To set a floor under oil prices, OPEC is showing remarkable restraint by holding back production. But that effort keeps getting undermined by the American shale oil boom.
That problem for OPEC doesn’t seem to be going away. OPEC warned on Thursday of a supply glut in 2020 despite the cartel’s newly-extended agreement with Russia to cut production.
OPEC pinned the blame on record-setting output from the United States, specifically the Permian Basin of West Texas, the epicenter of the shale revolution.
“Production from the booming Permian Basin is forecast to grow without any constraints,” OPEC wrote in its monthly report.
That growth is good news for American drivers, who should benefit from gas prices staying in check.
OPEC noted that America’s oil infrastructure problems — namely, limited pipelines linking Texas to refineries in the US Gulf Coast — will go away as new capacity is completed in the coming months.
US shale is likely to “dominate” non-OPEC supply growth in 2020, OPEC said.
Texas alone is expected to soon top 5 million barrels per day in oil production — more than any OPEC member other than Saudi Arabia.
OPEC for the first time projected world appetite for its oil for 2020, and the numbers aren’t pretty. The cartel expects demand for its output will decline next year by 1.3 million barrels to 29.27 million.
At the same time, OPEC said its production dipped slightly in June to 29.83 million barrels. That implies a surplus of about half a million barrels, assuming OPEC continues to pump at current levels.
Earlier this week, the US Energy Information Administration dimmed its view on oil demand because of concerns about slowing economic growth. The EIA expects global oil demand will rise by 1.1 million barrels per day in 2019, down by 200,000 barrels from its June forecast.
Record-shattering US oil growth
The oversupply in 2020 comes as OPEC and its allies attempt to bring about equilibrium in the market. Earlier this month, OPEC agreed to extend its production cuts until March 2020. Those cuts, first implemented in 2017, were set to expire.
“If there is a glut, it will be US-driven,” said Ryan Fitzmaurice, energy strategist at Rabobank.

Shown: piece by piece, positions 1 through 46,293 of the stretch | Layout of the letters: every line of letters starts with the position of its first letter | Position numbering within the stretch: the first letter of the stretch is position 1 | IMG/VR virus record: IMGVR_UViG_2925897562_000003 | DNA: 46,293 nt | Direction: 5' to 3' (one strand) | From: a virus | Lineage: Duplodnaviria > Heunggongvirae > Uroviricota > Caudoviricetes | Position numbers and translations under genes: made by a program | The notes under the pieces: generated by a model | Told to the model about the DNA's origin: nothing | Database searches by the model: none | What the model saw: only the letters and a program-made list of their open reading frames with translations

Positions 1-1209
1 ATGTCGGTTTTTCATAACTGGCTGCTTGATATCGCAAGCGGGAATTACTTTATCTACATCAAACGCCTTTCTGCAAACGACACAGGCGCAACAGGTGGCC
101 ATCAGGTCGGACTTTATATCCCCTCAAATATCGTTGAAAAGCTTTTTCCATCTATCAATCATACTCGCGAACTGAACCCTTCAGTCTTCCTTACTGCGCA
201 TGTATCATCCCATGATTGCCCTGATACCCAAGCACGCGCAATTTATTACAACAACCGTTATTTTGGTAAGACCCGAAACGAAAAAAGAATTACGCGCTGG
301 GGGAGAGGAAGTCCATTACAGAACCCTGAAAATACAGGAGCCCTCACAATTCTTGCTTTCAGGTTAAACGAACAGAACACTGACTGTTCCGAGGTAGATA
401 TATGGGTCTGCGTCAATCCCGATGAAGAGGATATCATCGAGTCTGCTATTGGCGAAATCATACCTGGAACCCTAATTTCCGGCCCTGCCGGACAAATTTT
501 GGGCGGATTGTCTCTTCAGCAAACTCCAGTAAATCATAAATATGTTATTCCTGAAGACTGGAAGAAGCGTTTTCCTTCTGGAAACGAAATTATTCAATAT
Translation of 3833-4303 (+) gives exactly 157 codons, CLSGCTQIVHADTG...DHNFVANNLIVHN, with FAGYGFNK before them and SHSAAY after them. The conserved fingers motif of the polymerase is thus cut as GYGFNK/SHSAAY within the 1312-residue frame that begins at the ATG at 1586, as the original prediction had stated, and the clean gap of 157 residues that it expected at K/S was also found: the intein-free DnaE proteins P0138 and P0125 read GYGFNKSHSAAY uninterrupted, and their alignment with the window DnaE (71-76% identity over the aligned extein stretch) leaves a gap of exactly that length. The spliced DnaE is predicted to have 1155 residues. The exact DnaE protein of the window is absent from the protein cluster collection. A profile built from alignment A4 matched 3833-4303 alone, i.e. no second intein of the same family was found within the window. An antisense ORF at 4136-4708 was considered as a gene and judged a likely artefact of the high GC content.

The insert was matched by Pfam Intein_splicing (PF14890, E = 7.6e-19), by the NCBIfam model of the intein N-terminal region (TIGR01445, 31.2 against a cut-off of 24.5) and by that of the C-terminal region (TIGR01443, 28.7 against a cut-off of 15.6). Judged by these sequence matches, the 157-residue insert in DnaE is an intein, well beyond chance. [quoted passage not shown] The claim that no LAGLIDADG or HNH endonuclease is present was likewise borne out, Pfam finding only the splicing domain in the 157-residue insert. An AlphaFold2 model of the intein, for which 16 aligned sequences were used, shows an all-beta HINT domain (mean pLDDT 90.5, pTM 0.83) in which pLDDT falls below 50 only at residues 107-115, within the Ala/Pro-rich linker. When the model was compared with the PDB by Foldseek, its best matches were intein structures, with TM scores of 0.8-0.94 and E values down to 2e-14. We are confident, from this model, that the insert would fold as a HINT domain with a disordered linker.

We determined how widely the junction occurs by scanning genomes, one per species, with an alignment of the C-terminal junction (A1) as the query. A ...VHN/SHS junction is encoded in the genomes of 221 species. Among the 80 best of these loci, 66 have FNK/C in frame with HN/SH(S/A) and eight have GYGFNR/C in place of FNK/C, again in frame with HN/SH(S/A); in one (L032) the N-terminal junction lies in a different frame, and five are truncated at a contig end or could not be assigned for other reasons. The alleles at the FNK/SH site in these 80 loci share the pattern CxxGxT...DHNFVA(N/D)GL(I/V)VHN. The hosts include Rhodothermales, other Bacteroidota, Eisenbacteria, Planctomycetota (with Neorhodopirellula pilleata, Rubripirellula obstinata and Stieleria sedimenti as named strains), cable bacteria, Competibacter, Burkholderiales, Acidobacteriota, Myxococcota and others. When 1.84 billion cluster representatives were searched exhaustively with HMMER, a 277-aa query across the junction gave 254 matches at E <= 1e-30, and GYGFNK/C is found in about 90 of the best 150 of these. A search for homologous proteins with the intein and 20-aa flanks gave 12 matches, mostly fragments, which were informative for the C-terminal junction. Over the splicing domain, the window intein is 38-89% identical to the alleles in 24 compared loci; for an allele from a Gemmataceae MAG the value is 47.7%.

The bearish OPEC forecast follows a recent rebound in oil prices. US oil soared above $60 a barrel on Wednesday on the heels of a report showing a surprise plunge in crude inventories in the United States and concerns that Tropical Storm Barry could derail production in the Gulf of Mexico.
Oil prices have also benefited from elevated tensions between the United States and Iran.
The shale boom has mitigated supply concerns caused by the Iran tensions as well as US sanctions on Venezuela.
In 2018, the United States pumped an average of 11 million barrels per day, marking a record high for total production as well as year-over-year growth, according to the US Energy Information Administration.
The EIA projects a deceleration in US growth for 2020, but still another record-high of 13.3 million barrels per day. Most of the extra barrels are expected to come from the Permian Basin, the EIA said.
US oil exports could triple
The continued shale boom will pave the way for more US oil to get shipped overseas, competing with barrels sold by OPEC.
Thanks to pipeline expansions and port enhancements in Corpus Christi, Texas and elsewhere, OPEC said daily US oil exports are expected to nearly triple from about 1 million barrels currently to 2.9 million barrels by the end of 2020.
Some analysts believe OPEC is too negative on the world’s thirst for oil.
New regulations, known as IMO 2020, will require ships next year to use low-sulfur fuel in a bid to reduce emissions. That shift away from dirtier fuel will force refineries to use more oil and run at a faster clip.
“Assuming there isn’t a total economic collapse, the IMO will show healthy demand increases,” said Rabobank’s Fitzmaurice. “I’m still bullish on oil prices.”